On top of the hefty work load a graduate student receives, Becky Anderson — who is working toward a Master of Science in Nursing — has also taken on stress brought by COVID-19. This stress has left Anderson feeling isolated.
“I did not recognize the toll that the state of our world was taking on my mental health,” Anderson said in an email. “Not only has it inflicted levels of stress and anxiety that some of us (graduate students) have never experienced, but it isolated us from the people and places we turn to in order to process some of those feelings.”
Mental health continues to be a topic of concern among graduate students, as a survey that drew responses from nine U.S. research universities indicated that signs of depression and anxiety amid this demographic have doubled during COVID-19.
Although professors have taken circumstances regarding COVID-19 into consideration, Anderson said less homework is “not really an option.”
“While the circumstances surrounding this past year are unique, we are still held responsible to demonstrate a high level of knowledge and understanding of the profession that we are entering,” Anderson said in an email.
Marquette’s Mental Health Days also don’t apply to students in Law School, School of Dentistry and some of the Health Sciences professional programs. Anderson has been unable to participate in mental health day activities.
Erin Ahlgrim, another graduate student at Marquette, is also no exception to the challenges graduate students have faced amid the pandemic.
Ahlgrim finished her undergraduate degree last May — around two months after Marquette switched to online learning. Only one week after she completed her undergraduate degree did Ahlgrim begin her graduate program toward a Master of Science in Nursing. The program was fully virtual for the first semester.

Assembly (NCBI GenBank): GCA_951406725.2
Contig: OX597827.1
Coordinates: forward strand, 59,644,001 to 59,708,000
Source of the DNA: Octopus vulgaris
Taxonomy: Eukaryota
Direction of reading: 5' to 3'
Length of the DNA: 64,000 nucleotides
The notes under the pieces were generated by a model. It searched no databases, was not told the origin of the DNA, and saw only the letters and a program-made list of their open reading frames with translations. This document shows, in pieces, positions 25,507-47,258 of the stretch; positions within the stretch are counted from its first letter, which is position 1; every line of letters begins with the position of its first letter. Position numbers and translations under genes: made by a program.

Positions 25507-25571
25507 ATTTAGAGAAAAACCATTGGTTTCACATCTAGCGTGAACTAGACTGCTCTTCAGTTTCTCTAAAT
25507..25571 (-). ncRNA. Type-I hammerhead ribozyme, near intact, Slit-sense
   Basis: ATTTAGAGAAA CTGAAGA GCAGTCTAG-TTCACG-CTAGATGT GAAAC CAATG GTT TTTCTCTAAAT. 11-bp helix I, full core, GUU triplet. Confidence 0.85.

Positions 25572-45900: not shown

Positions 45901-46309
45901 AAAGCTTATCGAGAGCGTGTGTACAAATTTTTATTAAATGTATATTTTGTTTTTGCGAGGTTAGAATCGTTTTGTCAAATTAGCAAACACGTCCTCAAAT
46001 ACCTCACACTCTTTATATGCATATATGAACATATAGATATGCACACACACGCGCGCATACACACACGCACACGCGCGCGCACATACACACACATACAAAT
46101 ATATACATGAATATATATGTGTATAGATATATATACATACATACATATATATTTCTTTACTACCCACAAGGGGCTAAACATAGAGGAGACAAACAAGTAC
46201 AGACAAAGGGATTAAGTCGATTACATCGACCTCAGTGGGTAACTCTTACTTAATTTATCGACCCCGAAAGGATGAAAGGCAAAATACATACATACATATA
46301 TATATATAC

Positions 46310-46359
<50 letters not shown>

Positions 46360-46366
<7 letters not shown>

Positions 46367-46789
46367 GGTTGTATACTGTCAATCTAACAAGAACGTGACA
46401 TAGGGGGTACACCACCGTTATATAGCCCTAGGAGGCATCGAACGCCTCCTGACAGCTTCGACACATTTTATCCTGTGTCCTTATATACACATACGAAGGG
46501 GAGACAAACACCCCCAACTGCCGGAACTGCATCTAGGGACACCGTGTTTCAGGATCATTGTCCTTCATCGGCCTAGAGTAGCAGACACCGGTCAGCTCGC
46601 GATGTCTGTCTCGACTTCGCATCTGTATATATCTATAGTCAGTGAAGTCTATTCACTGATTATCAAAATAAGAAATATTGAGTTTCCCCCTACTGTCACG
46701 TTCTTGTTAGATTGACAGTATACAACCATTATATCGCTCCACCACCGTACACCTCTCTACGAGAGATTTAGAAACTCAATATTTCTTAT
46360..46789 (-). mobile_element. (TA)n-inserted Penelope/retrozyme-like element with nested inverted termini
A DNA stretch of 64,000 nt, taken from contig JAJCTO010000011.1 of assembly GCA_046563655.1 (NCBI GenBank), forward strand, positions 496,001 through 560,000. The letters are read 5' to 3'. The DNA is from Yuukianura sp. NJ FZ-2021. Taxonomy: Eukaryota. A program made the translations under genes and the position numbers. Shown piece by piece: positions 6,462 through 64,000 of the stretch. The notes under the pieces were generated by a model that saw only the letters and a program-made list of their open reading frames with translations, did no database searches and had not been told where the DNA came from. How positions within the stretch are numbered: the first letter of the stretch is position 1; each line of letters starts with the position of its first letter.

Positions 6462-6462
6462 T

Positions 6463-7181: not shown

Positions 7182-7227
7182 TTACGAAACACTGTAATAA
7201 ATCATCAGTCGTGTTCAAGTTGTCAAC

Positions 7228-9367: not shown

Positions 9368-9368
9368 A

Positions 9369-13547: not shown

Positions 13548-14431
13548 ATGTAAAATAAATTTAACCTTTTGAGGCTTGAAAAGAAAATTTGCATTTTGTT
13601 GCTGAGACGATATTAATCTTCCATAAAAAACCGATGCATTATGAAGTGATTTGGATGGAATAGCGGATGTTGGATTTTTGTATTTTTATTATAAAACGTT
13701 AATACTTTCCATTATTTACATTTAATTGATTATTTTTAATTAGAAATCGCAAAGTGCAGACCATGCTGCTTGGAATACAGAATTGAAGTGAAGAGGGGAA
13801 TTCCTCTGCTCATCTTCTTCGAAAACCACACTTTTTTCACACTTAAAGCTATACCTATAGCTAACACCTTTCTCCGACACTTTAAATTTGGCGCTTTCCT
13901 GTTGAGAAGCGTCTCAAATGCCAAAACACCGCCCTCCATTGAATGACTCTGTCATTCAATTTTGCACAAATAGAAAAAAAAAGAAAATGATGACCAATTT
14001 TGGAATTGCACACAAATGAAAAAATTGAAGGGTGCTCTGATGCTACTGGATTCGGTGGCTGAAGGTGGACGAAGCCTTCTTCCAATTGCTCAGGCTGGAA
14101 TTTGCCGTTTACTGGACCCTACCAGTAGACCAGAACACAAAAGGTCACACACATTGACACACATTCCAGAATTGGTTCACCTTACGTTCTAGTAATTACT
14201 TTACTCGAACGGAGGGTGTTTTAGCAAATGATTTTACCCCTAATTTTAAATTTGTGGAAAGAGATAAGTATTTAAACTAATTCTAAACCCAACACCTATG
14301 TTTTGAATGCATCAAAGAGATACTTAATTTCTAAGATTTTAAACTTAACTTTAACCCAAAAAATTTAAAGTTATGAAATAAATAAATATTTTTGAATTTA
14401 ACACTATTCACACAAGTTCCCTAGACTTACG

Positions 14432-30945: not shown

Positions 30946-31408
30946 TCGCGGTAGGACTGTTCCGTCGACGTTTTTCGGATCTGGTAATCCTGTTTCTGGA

However, amid the fast-paced environment Ahlgrim has immersed herself in, she said it’s important to prioritize.
“In times of stress, it is easy to neglect our mental health unless we learn to prioritize,” Ahlgrim said in an email. “There will always be more tasks to accomplish, and if we do not take time to focus on ourselves mentally, we will run ourselves into the ground.”
However, graduate students are not alone in battling mental health issues.
Nicholas Jenkins, a counselor and coordinator of mental health advocacy, said the Counseling Center has seen many graduate students and encourages them to call when feeling overwhelmed.
Students who are looking to make an appointment at the Counseling Center should call 414-288-7172, as walk-ins are currently suspended due to COVID-19.
“Graduate students are one of the populations that struggle most with trying to find balance,” Jenkins said in an email. “Many graduate students are trying to balance academics, an assistantship, research, thesis/dissertation, and other life stressors.”
Along with the Counseling Center, Marquette also offers the app and online mental health platform “Silver Cloud.”
“Anyone in the Marquette community can access Silver Cloud for free and can learn how to address a variety of different issues,” Jenkins said in an email. “We currently have access to 6 different programs with Silver Cloud that include: depression, anxiety, stress, anxiety and depression (combined), sleep, resilience and COVID-19.”
There are also organizations, like the Marquette Graduate Student Organization, that Jenkins said “helps graduate students have a voice and get their needs met.”
However, regardless of the path students take to receive help, Jenkins said addressing these issues are important as mental and physical health go hand-and-hand.
“Issues with stress and mood can manifest into physical symptoms that can include headaches, stomach aches, sleep disturbances, fatigue, heart palpitations and that is just naming a few of the many things that can happen,” Jenkins said in an email.
According to a 2018 report from the Center for Disease Control and Prevention, mental illness, especially depression, increases the risk for many types of physical health problems, particularly long-lasting conditions like stroke, type 2 diabetes and heart disease.
Long-lasting conditions may be a future issue for graduate students, as a 2018 survey by Inside Higher Ed showed that 39% of graduate student respondents scored in the moderate-to-severe depression range, as compared to 6% of the general population.
However, students can reduce the risk of receiving these long-lasting conditions by relatively simple tasks.
“Try to treat studying/academics like a job and then give yourself some time to relax, engage in non-academic mental stimulation, exercise, eat right and have a cool down time prior to going to sleep,” Jenkins said in an email. “Even dedicating 20 minutes a day to some self-care can have a significant impact.”
Although graduate school and COVID-19 can lead students to feel stressed, Jenkins said pushing aside one’s mental health will only worsen overall well-being, therefore encourages students to receive help in whatever format best suits their needs.
This story was written by Claire Driscol. She can be reached at email@example.com